You should probably throw out your kitchen sponge

There are plenty of filthy, germy items we interact with on a daily basis, and we usually just try not to think about the gross factor or we wouldn’t be able to go on. Our iPhones, our pets (not an item, but still), the office door knob, are a few that come to mind. Oh, and the kitchen sponge. Ironically, the tool that you use to clean your dirty dishes is bacteria-ridden and there’s nothing you can do to disinfect it. According to a new study published in Scientific Reports, your best bet is to toss it in the garbage after a week’s use and get a new one. 

Researchers from Germany found that the trusted methods of cleaning the grease pad, boiling it in water or nuking in the microwave, are little more than old wives’ tales and are not effective at removing the bacteria. In fact, trying to clean the thing could make it worse: of the 14 used kitchen sponges that they tested, the ones that had been sanitized contained even more bacteria than those that had been left alone in their muck. 

They discovered millions of microbes, including one known as Moraxella osloensis, which could be the culprit if your kitchen stinks. It also can cause infections in folks with a weakened immune system. According to Science Daily, when the researchers examined the sponges under the microscope, they determined a “bacterial density…found only in feces.”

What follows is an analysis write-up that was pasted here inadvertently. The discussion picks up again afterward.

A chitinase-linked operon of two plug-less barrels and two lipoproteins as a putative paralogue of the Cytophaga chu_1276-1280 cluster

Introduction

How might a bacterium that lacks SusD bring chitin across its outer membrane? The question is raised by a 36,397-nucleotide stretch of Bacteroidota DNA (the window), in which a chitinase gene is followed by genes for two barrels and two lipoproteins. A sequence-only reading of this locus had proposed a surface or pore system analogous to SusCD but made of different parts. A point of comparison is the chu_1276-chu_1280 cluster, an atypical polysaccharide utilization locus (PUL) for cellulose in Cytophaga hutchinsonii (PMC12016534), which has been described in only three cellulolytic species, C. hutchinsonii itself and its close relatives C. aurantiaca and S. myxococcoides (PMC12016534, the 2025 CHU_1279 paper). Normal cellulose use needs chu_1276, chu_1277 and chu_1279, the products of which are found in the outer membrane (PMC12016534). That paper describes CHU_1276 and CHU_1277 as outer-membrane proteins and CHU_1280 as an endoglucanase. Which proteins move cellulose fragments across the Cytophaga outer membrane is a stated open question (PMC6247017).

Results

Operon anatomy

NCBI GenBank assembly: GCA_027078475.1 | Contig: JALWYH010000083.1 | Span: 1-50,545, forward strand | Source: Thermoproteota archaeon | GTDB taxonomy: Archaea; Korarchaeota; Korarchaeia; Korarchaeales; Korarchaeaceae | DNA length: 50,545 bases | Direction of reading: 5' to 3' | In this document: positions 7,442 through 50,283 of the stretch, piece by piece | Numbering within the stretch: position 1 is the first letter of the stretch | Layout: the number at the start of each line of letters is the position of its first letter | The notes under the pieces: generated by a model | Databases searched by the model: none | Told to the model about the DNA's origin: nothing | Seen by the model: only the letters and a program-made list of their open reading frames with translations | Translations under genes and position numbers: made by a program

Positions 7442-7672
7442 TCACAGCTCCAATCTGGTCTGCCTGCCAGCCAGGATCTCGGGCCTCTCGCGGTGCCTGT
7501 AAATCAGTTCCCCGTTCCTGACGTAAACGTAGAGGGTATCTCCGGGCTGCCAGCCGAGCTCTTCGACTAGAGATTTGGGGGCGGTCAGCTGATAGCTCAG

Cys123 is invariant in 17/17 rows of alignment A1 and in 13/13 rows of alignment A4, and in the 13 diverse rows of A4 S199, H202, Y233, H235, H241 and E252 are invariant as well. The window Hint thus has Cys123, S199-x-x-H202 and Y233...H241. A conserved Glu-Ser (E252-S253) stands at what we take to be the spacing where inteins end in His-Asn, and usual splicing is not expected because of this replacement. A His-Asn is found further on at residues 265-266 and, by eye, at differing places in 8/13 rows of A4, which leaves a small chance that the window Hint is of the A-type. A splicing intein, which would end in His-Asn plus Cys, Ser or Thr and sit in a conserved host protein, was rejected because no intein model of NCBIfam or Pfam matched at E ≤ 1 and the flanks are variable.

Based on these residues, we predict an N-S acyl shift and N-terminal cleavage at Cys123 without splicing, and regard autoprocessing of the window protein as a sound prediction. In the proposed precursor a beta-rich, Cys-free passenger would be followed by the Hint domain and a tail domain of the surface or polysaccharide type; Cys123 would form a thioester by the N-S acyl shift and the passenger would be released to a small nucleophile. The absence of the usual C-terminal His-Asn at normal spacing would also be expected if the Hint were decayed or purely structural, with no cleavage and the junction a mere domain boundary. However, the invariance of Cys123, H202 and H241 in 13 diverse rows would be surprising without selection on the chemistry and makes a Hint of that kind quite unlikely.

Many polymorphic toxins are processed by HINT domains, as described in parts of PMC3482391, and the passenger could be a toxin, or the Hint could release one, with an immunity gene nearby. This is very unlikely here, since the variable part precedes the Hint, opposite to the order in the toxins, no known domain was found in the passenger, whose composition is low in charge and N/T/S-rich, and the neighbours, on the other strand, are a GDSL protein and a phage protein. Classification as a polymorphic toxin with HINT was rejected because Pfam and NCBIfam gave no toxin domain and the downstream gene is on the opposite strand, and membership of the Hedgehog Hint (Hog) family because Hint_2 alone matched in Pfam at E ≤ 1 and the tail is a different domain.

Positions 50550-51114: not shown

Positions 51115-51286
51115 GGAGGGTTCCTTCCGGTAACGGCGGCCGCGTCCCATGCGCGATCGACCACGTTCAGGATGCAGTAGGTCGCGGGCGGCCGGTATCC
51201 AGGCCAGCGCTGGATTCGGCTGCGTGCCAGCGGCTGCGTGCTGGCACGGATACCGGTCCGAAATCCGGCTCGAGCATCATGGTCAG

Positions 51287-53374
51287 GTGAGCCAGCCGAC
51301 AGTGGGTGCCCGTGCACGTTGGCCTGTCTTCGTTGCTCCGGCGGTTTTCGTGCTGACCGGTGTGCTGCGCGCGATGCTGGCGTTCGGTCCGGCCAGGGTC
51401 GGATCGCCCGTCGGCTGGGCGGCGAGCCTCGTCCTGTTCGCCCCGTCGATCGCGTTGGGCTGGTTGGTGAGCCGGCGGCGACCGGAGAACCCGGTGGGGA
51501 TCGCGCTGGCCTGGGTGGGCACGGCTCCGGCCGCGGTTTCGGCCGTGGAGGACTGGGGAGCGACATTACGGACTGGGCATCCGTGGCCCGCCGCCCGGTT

The researchers concluded that “sponge sanitation methods appear not sufficient to effectively reduce the bacterial load in kitchen sponges and might even increase the shares of [disease]-related bacteria.” Instead, they suggested “a regular (and easily affordable) replacement of kitchen sponges, for example, on a weekly basis.” 

A tad wasteful, and that kind of weekly purchase, while no cold-brew coffee or avocado toast, certainly adds up after time. But, we suppose, that’s the price you pay to keep from perpetuating a grime fest in the very same place you put the dishes you eat off of. You know, you don’t want to shit where you eat… Now what to do about everything else you touch in a day? 

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